Saturday, November 20, 2004


It looks like homosexual "rights" trump Islamic rights. I guess I am glad something does. It seems to me that the rights of Bible-believing Christians and Jews are also being trampled on, however

In a cross-cultural clash of family values, Muslim parents at a downtown school want the Toronto District School Board to exclude their children from discussions of same-sex families. But at a meeting last night, board officials refused to exclude Muslim students at Market Lane Public School from what the board calls "anti-homophobia education." To allow some students to be removed from those discussions would violate the rights of children of same-sex parents, board officials said. While the board has a policy to consider accommodation based on religious rights, "religious beliefs do not trump human rights," said Patricia Hayes, a rights expert with the school board.

About 150 parents packed a gym at the St. Lawrence Community Centre last night, but some Muslim parents leaving the meeting said they felt their religious beliefs were receiving less respect than homosexual families. "They showed a gay lifestyle to the kids without the knowledge of the parents," said Mohamed Yassin, a father of three. "They're willing to help gay students with support. Gay people have their rights. I have my rights." Yassin was referring to a series of videos shown by a school board social worker that depicted the feelings of children around their same-sex families and the taunts they receive at school.

Market Lane principal David Crichton said he requested a social worker review the material after school staff heard children being ridiculed at school about their same-sex parents. To let parents know in advance that the subject could come up so they can keep their children home "sends a clear message to the students in my school that may have same-sex parents," he added. All the material was age appropriate and none of the adults interviewed in the films were depicted kissing or having sexual contact, said Crichton.....

But one father said he objected to the board making the issue specifically about Muslims. "They are trying to make it a Muslim issue, but a Christian or Jew would feel the same," said Omer Amir, whose 5-year-old daughter attends the school. "Would they allow me to teach my religion at school? No they would not." This morning, Ontario's education minister urged Muslim parents to reconsider, Canadian Press reported. "Ultimately, our civil values include respect for sexual orientation," Kennedy said. "I don't think there's any harm done to parents who find their children exposed to ideas that are different than the ones they teach at home." .....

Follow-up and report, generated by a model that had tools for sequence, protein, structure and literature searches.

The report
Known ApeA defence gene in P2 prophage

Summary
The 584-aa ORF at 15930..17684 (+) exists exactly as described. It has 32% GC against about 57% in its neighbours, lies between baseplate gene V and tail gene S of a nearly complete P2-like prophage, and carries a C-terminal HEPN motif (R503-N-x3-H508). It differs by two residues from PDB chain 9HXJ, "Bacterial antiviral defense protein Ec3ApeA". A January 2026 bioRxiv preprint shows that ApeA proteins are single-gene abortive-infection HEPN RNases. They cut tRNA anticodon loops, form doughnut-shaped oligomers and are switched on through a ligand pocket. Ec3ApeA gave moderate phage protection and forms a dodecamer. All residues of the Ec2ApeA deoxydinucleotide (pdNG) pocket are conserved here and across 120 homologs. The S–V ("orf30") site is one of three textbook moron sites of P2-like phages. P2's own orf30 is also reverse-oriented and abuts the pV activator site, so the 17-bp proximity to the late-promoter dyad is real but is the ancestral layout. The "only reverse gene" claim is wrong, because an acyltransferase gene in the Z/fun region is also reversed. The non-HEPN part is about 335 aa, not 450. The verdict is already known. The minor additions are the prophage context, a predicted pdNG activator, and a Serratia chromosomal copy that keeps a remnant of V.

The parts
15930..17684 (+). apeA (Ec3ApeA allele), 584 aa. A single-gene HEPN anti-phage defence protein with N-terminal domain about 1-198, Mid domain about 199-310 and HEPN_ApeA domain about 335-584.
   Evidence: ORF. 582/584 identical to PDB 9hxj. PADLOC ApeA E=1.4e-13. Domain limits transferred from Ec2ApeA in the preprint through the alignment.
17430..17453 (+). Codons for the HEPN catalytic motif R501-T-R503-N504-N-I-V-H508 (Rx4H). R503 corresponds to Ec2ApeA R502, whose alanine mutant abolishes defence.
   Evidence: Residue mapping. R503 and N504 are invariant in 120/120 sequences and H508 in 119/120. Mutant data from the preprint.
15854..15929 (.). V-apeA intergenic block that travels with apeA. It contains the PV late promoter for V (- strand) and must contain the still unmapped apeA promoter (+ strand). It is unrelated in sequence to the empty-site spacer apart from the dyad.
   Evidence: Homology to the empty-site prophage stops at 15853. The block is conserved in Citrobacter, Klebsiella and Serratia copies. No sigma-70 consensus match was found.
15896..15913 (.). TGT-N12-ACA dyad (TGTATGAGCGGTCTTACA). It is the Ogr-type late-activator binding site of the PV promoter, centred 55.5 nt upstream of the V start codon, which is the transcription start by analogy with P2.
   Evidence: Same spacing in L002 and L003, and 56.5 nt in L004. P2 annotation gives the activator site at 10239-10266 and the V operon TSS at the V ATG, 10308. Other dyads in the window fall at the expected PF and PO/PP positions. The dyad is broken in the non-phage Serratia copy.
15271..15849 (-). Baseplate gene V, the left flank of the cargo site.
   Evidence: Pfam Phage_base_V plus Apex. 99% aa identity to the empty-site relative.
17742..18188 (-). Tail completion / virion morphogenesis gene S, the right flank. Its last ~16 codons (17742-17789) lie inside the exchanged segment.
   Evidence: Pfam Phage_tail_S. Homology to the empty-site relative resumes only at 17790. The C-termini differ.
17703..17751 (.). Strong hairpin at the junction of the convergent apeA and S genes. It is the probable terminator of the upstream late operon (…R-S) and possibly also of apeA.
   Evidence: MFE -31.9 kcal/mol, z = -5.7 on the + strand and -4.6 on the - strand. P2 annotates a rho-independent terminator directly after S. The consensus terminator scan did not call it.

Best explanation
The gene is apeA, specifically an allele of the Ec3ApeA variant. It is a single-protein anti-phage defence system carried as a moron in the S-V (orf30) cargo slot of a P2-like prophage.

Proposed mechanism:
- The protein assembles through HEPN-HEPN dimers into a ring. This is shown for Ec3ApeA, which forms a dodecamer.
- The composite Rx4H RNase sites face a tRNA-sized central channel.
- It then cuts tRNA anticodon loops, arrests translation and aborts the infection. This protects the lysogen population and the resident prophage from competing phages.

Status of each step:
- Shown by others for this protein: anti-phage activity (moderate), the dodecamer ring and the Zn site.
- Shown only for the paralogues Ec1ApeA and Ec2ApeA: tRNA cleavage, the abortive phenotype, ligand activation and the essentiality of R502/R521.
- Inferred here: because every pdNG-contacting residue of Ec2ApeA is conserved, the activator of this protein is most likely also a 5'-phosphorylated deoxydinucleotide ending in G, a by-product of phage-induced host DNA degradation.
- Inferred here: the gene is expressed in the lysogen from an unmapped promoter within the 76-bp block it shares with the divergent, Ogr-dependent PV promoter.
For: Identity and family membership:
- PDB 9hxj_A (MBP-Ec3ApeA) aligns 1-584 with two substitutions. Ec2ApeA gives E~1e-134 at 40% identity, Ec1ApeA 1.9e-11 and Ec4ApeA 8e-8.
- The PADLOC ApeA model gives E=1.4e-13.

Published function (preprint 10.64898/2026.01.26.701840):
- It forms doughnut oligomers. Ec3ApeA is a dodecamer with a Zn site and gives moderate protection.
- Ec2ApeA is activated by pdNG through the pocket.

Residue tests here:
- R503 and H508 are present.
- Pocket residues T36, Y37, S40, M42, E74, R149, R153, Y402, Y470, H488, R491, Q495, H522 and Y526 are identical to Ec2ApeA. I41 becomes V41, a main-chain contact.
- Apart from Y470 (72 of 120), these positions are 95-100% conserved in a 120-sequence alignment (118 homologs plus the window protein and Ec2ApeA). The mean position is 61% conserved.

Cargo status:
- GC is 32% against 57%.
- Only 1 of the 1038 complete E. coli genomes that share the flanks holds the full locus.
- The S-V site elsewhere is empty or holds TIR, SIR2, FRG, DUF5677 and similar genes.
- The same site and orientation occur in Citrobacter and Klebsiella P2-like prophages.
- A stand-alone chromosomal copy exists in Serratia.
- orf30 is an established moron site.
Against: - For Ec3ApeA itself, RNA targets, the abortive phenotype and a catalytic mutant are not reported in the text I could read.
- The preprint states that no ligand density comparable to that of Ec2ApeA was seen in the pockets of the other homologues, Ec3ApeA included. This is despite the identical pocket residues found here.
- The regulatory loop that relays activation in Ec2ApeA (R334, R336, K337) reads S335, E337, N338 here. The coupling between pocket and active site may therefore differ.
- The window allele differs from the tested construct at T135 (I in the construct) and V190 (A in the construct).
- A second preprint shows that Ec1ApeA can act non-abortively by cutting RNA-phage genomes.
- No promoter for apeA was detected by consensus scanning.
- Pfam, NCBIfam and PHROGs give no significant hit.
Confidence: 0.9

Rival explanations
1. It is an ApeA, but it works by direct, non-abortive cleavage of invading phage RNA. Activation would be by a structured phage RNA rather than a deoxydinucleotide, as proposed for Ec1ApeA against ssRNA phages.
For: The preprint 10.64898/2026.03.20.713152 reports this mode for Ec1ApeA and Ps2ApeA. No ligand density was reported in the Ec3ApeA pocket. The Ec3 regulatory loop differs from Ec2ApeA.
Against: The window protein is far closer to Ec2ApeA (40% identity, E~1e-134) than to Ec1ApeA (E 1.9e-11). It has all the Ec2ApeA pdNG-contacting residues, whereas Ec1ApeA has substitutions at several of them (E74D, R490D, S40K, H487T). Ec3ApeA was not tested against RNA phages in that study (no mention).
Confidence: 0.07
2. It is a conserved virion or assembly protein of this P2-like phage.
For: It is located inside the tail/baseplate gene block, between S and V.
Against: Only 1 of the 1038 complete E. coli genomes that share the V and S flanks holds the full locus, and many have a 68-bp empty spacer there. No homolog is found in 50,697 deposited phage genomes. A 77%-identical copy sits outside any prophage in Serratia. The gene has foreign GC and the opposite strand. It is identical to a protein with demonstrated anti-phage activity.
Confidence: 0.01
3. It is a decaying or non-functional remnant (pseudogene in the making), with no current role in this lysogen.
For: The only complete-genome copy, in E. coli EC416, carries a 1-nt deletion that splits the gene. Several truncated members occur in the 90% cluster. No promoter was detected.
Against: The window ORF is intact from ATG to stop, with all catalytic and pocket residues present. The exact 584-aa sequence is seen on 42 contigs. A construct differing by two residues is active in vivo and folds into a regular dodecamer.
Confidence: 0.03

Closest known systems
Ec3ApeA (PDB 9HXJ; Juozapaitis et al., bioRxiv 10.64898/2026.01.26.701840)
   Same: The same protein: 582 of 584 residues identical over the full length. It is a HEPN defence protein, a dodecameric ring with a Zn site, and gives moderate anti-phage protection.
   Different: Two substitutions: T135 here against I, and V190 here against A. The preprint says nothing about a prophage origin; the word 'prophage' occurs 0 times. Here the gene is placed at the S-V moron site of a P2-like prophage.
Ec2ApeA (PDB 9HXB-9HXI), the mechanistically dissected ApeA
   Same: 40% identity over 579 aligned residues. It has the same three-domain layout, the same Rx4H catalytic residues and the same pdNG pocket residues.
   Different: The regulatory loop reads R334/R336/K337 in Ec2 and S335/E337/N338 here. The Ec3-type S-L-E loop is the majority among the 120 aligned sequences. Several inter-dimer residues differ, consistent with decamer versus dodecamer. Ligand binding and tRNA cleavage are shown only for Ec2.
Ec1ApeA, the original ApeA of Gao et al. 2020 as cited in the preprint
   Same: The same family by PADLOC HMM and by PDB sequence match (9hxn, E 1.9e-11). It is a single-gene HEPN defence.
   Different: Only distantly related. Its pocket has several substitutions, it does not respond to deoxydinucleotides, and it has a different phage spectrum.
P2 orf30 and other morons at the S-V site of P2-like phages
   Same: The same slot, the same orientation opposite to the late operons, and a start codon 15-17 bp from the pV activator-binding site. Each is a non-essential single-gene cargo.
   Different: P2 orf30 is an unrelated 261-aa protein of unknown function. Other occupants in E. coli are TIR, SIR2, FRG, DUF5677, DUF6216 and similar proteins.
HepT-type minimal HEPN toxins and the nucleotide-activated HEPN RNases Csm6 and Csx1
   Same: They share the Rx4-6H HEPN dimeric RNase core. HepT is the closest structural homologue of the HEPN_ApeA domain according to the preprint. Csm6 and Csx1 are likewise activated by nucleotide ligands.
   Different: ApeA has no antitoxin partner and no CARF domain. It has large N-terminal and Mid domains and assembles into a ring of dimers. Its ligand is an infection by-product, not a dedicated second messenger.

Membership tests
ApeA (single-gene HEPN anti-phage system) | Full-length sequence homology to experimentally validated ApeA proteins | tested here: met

Of the 560 students at Market Lane, about 10 to 15 per cent are Muslim. Many of their families are from North Africa, said the principal. While many parents praised the school for organizing the meeting last night and Muslim parents stressed they teach their children to respect others, one man complained the board's human rights and equity policies were being delivered too late. The information should have been sent to families the first day of school and the material should be translated into other languages, he said.....



Eric Schlosser's bestselling diatribe [Fast Food Nation] against the fast food industry is a monumental self-contradiction built on inconsistencies and misleading statements reported as facts.

* Most fundamentally, Schlosser bemoans the homogenization of American culture and alleges a decline of American individualism, and then advocates a fundamental rejection of the individual freedom which allowed those traits to flourish in favor of government mandated diversity.

* Make no mistake: Schlosser's solution to the problems he alleges is an unprecedented expansion of government bureaucracy and a monumental growth of government regulation of what we choose to eat and drink.

* Schlosser even urges an outright government ban on advertising of certain kinds of food. No freedom is more fundamental than the freedom of speech, but Schlosser would gladly cast this right aside to achieve his vision of America.

* Schlosser conjures or claims a corporate conspiracy around every corner to explain every wrong that he perceives. He implies or alleges conspiracies between Disney and McDonald's, between poultry processors and meatpackers, between government and big corporations.

* Schlosser praises the spirit which led entrepreneurs to build successful companies and then spends most of his book attacking their successes.

* He also seeks to undermine their accomplishments by suggesting - in every single case - that the government significantly aided their success.

* In just one example of a number of factual errors and misleading statements, Schlosser faults fast food companies for supposedly trying to prevent hourly employees from working more than 40 hours per week in order to avoid paying overtime. Later, he praises labor unions. But he ignores the fact that unions - aiming to have companies hire more workers instead of working existing employees longer - have been the leading advocate for the 40 hour work week and current overtime regulations designed to punish employers who work employees more than 40 hours per week.


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